Draft 1, Attempted 2014 FR Solutions, AP Statistics Exam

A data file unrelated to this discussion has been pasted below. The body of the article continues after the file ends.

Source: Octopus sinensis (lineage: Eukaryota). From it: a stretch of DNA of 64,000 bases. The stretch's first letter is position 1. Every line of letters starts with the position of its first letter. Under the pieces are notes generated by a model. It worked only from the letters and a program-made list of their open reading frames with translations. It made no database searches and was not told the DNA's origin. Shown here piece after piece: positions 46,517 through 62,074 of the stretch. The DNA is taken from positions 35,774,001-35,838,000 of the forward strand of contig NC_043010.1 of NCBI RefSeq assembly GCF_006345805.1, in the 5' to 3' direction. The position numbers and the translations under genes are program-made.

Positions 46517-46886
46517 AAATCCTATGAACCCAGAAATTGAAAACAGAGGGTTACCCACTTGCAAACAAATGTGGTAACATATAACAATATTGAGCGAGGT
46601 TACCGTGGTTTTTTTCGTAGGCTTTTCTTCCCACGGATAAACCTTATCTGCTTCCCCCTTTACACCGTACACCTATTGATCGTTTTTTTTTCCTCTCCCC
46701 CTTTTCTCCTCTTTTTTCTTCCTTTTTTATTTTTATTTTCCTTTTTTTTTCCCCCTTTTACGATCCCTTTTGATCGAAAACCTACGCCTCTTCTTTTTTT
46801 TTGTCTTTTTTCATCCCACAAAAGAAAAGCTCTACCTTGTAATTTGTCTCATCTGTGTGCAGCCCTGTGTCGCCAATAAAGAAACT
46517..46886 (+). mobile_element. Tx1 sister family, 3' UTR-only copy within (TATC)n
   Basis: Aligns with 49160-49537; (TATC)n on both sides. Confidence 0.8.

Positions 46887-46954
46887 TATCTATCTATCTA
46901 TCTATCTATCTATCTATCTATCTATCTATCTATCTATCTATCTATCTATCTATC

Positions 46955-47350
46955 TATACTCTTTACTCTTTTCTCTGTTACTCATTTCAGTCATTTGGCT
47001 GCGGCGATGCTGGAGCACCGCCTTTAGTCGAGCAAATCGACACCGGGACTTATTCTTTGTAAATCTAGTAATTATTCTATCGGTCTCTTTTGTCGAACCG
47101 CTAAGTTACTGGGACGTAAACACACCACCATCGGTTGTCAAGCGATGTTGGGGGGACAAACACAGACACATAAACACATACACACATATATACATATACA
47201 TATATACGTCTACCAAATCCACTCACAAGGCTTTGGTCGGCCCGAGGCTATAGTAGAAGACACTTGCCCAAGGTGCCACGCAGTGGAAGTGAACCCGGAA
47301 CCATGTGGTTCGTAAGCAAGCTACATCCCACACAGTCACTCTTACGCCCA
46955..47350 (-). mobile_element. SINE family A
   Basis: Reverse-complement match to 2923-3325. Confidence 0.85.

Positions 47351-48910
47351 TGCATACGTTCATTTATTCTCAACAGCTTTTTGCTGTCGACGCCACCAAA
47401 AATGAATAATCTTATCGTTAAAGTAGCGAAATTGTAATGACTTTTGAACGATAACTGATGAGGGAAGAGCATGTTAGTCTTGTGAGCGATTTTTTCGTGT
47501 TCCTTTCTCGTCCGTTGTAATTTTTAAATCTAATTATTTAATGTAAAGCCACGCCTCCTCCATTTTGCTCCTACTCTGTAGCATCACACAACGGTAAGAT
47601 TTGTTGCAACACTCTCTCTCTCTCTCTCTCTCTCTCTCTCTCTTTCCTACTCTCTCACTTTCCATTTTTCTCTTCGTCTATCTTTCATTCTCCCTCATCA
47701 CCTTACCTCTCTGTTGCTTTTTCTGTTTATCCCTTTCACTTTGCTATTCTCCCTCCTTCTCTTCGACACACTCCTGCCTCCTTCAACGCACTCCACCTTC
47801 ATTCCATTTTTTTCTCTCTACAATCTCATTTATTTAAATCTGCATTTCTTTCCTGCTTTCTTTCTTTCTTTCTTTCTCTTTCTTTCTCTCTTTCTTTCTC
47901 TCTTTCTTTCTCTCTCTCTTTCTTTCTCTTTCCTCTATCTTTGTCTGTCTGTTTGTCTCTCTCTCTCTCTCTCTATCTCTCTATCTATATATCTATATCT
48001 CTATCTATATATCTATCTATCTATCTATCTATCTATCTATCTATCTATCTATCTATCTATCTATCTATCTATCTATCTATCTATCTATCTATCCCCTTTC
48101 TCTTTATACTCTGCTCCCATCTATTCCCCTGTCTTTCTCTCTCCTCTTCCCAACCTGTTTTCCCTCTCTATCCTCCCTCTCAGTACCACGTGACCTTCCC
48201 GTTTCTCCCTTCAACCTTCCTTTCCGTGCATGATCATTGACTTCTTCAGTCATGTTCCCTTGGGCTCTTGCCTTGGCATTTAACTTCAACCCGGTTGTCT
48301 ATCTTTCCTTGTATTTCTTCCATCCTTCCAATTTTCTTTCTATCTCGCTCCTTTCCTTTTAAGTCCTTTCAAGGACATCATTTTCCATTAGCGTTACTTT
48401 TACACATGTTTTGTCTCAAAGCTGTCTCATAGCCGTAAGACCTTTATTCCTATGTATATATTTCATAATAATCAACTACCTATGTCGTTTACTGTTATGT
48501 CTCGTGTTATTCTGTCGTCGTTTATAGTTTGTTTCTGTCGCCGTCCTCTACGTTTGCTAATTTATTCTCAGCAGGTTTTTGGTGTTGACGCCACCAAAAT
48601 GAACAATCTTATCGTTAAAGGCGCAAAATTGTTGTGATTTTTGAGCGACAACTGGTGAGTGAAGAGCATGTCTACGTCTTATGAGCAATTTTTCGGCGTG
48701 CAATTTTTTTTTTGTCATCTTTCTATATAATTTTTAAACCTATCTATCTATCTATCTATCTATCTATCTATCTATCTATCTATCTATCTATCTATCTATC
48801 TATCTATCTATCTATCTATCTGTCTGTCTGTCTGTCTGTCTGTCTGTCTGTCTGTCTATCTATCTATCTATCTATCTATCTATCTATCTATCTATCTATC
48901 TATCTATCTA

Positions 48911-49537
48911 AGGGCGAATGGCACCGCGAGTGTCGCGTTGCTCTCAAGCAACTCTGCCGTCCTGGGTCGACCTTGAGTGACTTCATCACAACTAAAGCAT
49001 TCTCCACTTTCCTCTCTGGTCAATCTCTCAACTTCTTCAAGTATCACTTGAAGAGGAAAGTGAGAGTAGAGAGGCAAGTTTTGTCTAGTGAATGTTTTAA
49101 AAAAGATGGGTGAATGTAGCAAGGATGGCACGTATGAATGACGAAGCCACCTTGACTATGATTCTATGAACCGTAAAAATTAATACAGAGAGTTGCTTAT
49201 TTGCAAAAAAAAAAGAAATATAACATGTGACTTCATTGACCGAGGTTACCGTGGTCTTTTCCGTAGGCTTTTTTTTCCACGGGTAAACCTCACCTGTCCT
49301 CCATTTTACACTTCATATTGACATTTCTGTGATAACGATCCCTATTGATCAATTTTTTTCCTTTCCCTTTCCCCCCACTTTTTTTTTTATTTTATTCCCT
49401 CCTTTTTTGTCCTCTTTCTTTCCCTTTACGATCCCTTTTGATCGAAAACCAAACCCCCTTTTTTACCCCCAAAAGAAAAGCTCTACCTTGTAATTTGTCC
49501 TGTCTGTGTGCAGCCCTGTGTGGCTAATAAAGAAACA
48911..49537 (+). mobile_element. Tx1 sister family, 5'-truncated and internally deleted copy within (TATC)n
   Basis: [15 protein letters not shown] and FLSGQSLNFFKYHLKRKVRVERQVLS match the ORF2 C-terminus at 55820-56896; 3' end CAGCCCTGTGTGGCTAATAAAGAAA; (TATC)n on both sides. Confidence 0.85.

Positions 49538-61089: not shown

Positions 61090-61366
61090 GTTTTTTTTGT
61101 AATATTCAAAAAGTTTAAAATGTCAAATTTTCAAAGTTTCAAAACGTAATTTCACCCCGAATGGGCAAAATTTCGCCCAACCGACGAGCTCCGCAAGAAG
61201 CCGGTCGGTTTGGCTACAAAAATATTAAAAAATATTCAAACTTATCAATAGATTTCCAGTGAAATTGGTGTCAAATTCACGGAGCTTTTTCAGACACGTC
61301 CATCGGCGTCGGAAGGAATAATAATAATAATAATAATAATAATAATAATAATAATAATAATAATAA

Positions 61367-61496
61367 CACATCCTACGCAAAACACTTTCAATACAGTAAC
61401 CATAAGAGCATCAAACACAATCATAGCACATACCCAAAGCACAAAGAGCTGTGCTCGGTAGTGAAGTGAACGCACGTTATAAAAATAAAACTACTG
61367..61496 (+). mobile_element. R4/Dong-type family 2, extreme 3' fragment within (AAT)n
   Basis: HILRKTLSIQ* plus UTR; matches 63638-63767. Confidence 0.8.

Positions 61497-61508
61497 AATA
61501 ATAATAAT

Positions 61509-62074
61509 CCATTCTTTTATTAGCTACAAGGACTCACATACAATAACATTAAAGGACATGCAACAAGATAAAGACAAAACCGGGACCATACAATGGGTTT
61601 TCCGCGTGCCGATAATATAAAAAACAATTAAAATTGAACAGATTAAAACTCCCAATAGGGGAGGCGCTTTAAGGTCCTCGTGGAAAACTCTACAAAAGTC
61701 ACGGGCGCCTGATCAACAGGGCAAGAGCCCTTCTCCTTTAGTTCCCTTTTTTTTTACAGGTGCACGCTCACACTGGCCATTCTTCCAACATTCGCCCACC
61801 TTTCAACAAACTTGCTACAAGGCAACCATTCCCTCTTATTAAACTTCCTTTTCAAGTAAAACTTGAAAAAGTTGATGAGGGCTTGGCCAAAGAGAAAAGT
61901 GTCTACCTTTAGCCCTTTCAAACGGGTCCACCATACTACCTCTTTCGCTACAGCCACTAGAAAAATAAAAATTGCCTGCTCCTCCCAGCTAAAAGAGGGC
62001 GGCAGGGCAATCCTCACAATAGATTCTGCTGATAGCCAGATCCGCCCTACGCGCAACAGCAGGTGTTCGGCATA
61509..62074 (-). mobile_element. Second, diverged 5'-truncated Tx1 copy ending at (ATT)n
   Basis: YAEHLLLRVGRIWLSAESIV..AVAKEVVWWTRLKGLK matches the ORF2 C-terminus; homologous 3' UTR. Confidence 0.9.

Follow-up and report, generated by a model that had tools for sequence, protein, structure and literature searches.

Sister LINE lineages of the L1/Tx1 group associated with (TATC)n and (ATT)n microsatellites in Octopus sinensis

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1 Free response questions, 2014, first draft! Note: Some notes: Please make critiques, suggest improvements, and ask questions. This is just one AP stats teacher s initial attempts at solving these. I, as you, want to learn from this process. I simply construct these as a service for both students and teachers to start discussions. There is nothing official about these solutions. I certainly can t even guarantee that they are correct. They probably have typos and errors. But if they generate discussion and help others, than I ve succeeded. They are simply one statistics teacher s attempt at the problems. I do this as a way to invite dialogue about the questions. You can go here to access the problems. This is a public site. 1. Proportion of those on campus who participated in at least one activity: Proportion of those off campus who participated in at least one activity: In this sample, students who reported living off campus were more likely to report participating in no extracurricular activities than those living on campus. In this sample, students who reported living on campus were more likely to report participating in exactly one extracurricular activity than those who reported living off campus. In this sample, students who reported living on campus were a bit more likely to report participating in two or more extracurricular activities than those reporting living off campus. Because the p value of 0.23 is above any reasonable significance level (like 0.10), we do not have convincing evidence of an association between residential status and l the level of extracurricular participation for students at this university. 1